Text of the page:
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Greg: Whether we are talking about analyzers or any sort of digital communication, control and processing, a dead time is created for unmeasured disturbances from the time interval. The actual dead time to detecting and reacting to an upset depends upon the relative timing of the read (input), write (output) and the upset. If the output is done right after the input, the dead time varies from nearly zero to one time interval for an upset that arrives just before and after the input, respectively.
On average, we can say the upset arrives in the middle of the interval, so the average dead time is 1/2 the time interval. For unsynchronized digital devices, the worst-case dead time could be the summation of the time intervals. If the output is done at the end of the time interval, the dead time varies from one to two time intervals for an upset that arrives just before and after the input, respectively. This is the case for chromatographs and other analyzers where the sample is processed, and the analysis is ready at the end of the cycle time. Here the average is 1.5 times the time interval (cycle time).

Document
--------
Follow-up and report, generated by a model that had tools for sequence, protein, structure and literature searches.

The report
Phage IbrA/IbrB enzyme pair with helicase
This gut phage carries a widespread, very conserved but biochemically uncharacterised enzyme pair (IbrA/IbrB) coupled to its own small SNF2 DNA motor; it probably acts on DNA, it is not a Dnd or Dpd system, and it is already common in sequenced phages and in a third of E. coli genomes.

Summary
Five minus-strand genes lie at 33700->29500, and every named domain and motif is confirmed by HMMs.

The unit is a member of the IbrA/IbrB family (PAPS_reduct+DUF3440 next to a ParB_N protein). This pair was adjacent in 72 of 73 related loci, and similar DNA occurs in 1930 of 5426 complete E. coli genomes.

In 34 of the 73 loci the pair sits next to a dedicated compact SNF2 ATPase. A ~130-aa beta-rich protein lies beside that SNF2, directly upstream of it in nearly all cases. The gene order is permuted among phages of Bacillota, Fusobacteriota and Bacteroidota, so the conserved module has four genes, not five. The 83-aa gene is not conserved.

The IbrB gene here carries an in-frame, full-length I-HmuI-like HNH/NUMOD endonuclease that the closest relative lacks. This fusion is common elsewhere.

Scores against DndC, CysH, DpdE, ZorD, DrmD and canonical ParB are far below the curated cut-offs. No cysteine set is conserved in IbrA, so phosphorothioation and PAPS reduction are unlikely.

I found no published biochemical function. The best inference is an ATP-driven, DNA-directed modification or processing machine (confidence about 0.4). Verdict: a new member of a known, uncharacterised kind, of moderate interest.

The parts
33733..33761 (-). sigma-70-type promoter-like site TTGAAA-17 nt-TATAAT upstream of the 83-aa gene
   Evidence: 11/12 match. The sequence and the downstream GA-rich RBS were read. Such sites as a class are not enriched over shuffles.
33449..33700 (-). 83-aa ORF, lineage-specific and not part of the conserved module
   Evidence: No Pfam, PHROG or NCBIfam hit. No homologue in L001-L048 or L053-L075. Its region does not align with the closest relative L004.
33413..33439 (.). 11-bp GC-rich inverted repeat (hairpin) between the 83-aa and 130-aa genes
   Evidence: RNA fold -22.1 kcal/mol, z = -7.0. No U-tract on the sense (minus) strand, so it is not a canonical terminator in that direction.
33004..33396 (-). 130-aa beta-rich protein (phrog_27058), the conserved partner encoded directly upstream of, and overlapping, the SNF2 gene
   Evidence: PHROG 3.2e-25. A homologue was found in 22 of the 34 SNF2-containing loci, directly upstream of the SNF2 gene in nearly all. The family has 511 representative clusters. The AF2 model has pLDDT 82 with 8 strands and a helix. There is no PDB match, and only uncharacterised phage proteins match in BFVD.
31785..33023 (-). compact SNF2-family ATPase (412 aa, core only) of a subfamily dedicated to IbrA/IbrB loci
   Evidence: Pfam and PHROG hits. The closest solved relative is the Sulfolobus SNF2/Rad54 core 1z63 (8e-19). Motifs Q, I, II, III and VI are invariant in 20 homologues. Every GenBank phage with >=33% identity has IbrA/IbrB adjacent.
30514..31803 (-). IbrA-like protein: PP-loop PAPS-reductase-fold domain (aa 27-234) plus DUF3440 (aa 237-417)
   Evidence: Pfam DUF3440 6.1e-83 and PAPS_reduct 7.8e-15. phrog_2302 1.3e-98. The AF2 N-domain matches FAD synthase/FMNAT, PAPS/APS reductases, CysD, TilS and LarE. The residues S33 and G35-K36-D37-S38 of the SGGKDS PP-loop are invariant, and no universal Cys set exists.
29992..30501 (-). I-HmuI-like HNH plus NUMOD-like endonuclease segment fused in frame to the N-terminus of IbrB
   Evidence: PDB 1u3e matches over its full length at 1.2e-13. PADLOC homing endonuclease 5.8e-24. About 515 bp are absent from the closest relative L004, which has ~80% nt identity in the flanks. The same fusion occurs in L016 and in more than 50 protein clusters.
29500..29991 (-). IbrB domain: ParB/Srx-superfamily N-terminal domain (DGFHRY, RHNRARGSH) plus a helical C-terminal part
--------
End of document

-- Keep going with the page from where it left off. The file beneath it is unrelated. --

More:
Stan: In practice, the scan time of DCS inputs is set to reduce jitter and aliasing. But exception reporting and data compression can cause a distorted view of the data and can make any trend look flat, particularly large plot scales or short time frames.
This Month's Puzzler
What Time’s the Execution?
10. You have taken to using one-word sentences and one-syllable words like “yep.”
9. You think John Wayne was too verbose.
8. You feel life is just a series of subtitles.
7. Friends take to using sign language around you.
6. Strangers think you have laryngitis.
5. Your parents keep turning up their hearing aids.
4. You run off to become a “roadie” for the Blue Man Group.
3. Your favorite entertainment is watching mimes.
2. You let your slides do the talking.
1. You are mistaken for a statue.
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